Ballot Access

Can David French (Or Anyone Else) Get on the Ballot for President this Year?

By signature collection or by lawsuit, hard, but not impossible.


The notion of a new independent presidential candidate is in the news again with the trial balloon floated of running conservative commentator David French for president.

I wrote back in January about the difficulties that Michael Bloomberg, rumored at the time to be thinking about it, would face in launching such an independent presidential bid.

Again relying on information gathered in a paper-only copy  (it is online as well) of the indispensable Ballot Access News, edited by Richard Winger (who I would say had forgotten more than you'll ever know about third parties and ballot access except I have no evidence he's forgotten much), a list of states whose ballot access paperwork deadlines are earlier than two months from now. (Aug. 1 or later).

Following each state name in parentheses is the number of signatures required to get on the ballot. Collecting them, in accordance to generally varying state requirements, can be complicated and expensive, but it is a problem that money and organization can solve.

Deadine already past: Texas

Deadlines in June: Illinois (25,000), Indiana (26,700), New Mexico (15,388), North Carolina (89,366)

Deadlines in July: Delaware (6,500), Florida (119,316), Georgia (49,336), Michigan (30,000), Missouri (10,000), Nevada (5,431), Oklahoma (40,047), South Carolina (10,000), Washington (1,000)

Of the August 1 or later deadline states, only seven of them (Arizona, California, Maryland, Massachusetts, New York, Oregon, Pennsylvania) require over 10,000 signatures.

I have not yet done all the math about electoral college votes involving the states least likely to make the cut by legal signature deadlines, and there could be and likely are local complications that make things not as clear-cut as the above might indicate, but those are the official facts as complied by Winger.

I have heard rumor-y rumblings that Kristol and his team, if indeed there is a team, blithely assume that they can also sue their way through any existing timing barriers with ballot access laws even if they run afoul of them.

This isn't a crazy dream, I am told by Winger in an email interview today. Some of his historical observations:

• "Five states have had June petition deadlines held to be too early: Alaska, Arizona, Nevada, South Dakota, Kansas.  The lower courts were following Anderson v Celebrezze, which outlawed early petition deadlines for independent presidential candidates."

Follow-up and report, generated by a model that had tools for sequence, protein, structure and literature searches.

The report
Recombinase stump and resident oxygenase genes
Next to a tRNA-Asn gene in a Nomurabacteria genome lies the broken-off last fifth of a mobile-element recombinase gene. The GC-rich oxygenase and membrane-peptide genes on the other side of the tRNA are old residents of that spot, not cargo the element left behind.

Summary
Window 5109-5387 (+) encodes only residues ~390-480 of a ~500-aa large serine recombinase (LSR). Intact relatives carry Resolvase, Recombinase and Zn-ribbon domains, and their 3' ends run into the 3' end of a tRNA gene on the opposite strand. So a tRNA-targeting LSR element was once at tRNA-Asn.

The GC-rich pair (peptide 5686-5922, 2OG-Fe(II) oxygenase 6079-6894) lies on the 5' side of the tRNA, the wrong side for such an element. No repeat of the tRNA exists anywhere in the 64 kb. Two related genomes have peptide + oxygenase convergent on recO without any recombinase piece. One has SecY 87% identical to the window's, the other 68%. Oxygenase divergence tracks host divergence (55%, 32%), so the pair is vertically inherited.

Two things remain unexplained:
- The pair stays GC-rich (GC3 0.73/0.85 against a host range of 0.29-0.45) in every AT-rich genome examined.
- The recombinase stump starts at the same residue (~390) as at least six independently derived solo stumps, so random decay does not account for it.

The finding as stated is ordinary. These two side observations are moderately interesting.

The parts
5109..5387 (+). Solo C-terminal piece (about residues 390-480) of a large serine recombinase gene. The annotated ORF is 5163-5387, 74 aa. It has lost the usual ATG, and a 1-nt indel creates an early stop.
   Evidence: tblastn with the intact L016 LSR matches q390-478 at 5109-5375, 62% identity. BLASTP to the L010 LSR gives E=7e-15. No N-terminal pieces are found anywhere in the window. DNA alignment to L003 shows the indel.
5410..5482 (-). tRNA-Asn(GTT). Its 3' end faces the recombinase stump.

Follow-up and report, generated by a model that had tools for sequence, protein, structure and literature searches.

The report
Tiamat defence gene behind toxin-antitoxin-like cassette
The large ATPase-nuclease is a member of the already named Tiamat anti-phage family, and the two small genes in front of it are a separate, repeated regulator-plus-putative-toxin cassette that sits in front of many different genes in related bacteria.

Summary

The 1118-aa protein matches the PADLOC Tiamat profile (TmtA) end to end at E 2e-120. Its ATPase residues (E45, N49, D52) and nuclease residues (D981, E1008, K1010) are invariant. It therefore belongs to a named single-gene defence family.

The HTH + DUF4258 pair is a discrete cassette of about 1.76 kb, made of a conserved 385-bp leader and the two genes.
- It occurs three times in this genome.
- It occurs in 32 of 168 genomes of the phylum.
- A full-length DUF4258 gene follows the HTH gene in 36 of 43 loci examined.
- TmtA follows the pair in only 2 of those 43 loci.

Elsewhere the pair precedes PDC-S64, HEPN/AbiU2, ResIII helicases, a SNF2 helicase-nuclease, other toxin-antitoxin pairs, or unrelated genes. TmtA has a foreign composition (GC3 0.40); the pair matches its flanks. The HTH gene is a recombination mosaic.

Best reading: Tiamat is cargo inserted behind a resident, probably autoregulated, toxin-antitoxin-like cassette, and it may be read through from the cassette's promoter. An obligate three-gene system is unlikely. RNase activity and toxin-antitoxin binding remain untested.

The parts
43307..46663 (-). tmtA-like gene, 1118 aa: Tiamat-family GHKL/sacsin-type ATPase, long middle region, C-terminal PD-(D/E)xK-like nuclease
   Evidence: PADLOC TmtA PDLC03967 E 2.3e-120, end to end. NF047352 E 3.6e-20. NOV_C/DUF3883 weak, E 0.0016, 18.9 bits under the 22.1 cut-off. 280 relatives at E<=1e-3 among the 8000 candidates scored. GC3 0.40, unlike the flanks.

•  "Robert La Follette didn't decide until July 4, 1924, to run as a progressive independent, and he got on in 47 of the 48 states, and the one he missed, Louisiana, was not a deadline problem."

 • "Strom Thurmond in 1948 didn't decide to run until mid-July, and he got on in all the southern states, the only ones he cared about."

• "In the early years of government-printed ballots in the US, the typical state deadline was October."

• "The Libertarian Party wins about half its constitutional ballot access lawsuits….Minor parties and independent candidates have won 55 lawsuits against early deadlines, including in California a few years ago.  The old January deadline for a new party to get on the ballot is now July."

What defines whether a ballot access challenge wins or loses? Winger writes that:

The biggest and most important variable is which judge we get.  Some judges are instinctively sympathetic to underdogs and believe in the ideals of the founders.  Other judges are not. It is sad but very, very true.  We can have a weak case and get a good judge and we win.  We can have an overwhelmingly strong case and get a bad judge and we lose.

Recently, a US District Court Judge in Arkansas refused to enjoin a new law that says a non-presidential independent must submit his or her petition in November of the year before the election, even though 3 times in the past, later independent non-presidential deadlines had been struck down, and one of them was summarily affirmed by the US Supreme Court.

So, the French for America campaign may be absurd on many levels, but it is not necessarily an impossibility.